Getting the family to sit at the dinner table, at the same time, is a challenge. But it could be key to heading off problems such as eating disorders, obesity, and inadequate nutrition in the teenage years.
Family meals promote healthy eating
A team from the University of Illinois found that teens who eat at least five meals a week with their families are 35 per cent less likely to engage in disordered eating than teenagers who don’t. The researchers defined disordered eating as binging and purging, taking diet pills, self-induced vomiting, using laxatives or diuretics, fasting, eating very little, skipping meals, and/or smoking cigarettes to lose weight.
“For children and adolescents with disordered eating, mealtime provides a setting in which parents can recognise early signs and take steps to prevent detrimental patterns from turning into full-blowing eating disorders,” said Professor of Human Development and Family Studies Barbara Fiese.
“Teens who eat at least five meals a week with their families are 35% less likely to engage in disordered eating”
Children who ate at least three family meals a week were also 12 per cent less likely to be overweight than those who ate with their families less often. And they were 24 per cent more likely to eat healthy foods and have healthy eating habits than those who didn’t share three meals with their families.
Teens want family dinners too
The researchers say that families who share meals together are likely to be more connected, which may encourage teenagers to talk within their families about unhealthy behaviors they’ve slipped into and other problems they’re experiencing.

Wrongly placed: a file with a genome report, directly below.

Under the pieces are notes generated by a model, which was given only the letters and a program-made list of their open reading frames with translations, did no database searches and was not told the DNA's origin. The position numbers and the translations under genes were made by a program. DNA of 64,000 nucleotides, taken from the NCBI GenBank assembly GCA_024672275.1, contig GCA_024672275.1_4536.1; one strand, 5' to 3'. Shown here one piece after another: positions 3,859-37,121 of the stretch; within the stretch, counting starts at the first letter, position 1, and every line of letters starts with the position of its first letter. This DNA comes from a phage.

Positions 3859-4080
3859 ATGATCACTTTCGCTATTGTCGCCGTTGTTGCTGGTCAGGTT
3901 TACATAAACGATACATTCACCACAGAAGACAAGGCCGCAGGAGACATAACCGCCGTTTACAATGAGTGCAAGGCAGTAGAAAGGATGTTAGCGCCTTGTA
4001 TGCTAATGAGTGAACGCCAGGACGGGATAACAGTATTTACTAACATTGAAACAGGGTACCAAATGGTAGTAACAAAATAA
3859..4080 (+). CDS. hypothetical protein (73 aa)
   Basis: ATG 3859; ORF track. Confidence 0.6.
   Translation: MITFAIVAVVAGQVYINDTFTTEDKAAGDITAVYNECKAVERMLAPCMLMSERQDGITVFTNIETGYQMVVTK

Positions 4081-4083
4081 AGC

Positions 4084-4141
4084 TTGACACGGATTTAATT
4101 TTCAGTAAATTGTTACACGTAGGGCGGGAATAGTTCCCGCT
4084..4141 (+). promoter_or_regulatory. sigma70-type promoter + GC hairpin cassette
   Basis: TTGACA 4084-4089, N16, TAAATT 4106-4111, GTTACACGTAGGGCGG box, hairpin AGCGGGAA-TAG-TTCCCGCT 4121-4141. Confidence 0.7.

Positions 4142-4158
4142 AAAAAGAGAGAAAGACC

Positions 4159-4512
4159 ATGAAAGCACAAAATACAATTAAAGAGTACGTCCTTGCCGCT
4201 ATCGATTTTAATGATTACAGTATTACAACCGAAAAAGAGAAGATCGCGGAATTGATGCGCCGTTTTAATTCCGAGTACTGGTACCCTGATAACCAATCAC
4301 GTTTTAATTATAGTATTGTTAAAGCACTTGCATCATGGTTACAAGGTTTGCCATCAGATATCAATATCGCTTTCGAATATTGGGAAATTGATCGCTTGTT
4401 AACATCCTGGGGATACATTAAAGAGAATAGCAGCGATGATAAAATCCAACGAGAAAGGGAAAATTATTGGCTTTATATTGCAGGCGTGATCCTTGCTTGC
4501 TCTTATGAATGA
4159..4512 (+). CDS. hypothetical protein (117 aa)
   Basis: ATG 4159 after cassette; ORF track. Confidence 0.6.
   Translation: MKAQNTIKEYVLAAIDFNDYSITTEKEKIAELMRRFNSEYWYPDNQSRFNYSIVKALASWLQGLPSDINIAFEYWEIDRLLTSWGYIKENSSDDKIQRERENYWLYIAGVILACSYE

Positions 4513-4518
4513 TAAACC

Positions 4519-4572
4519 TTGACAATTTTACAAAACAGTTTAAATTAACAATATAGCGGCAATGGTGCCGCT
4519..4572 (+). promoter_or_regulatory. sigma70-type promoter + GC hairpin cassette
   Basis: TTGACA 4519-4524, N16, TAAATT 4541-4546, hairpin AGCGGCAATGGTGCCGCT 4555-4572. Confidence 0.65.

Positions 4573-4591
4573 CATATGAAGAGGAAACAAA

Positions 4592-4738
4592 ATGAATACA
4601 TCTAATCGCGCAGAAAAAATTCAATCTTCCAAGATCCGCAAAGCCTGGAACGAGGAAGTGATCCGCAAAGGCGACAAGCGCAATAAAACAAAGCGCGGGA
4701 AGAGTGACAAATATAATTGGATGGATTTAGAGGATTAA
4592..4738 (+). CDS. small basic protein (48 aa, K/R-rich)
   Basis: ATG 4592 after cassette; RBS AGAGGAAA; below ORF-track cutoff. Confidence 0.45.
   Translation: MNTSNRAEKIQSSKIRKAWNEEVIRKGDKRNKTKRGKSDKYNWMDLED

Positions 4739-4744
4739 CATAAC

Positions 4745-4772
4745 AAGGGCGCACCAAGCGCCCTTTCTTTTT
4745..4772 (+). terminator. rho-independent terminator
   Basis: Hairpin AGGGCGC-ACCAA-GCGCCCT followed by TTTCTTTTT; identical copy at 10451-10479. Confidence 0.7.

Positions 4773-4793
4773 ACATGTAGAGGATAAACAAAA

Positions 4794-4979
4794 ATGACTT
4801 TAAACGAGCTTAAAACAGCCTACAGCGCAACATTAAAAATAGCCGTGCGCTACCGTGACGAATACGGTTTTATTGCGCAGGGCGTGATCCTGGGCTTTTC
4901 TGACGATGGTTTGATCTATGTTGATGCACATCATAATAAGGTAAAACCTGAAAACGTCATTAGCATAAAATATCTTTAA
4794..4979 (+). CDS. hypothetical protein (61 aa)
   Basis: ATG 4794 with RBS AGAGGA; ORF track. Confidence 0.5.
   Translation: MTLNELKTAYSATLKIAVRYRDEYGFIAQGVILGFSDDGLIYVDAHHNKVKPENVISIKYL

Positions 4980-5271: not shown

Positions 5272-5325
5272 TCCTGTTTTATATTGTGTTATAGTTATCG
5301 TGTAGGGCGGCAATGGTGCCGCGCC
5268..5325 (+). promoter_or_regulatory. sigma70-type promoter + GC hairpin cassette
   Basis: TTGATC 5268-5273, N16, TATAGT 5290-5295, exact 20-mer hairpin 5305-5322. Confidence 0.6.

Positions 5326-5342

“If you look at national surveys, the frequency of shared mealtimes does begin to drop off in the teen years, but a lot of that is due to competing demands on teenagers’ time due to after-school activities, jobs, and social life, and not for lack of interest,” said Professor Fiese.
Despite any grumblings you may hear from your teenager about sitting down together as a family, Professor Fiese says research on adolescent development indicates that teens want to stay connected with their parents.
“If their parents don’t totally control the conversation, and if teens can contribute to family interaction, they are likely to welcome participating”
“Family meals give them a place where they can go regularly to check in with their parents and express themselves freely,” she said.
“If family meals are not a forced activity, if parents don’t totally control the conversation, and if teens can contribute to family interaction and feel like they’re benefiting from it, older kids are likely to welcome participating.”
The results of the study were published in the Pediatrics journal.
How often do you sit down to eat as a family? Read about what other families do and join the discussion on our forum.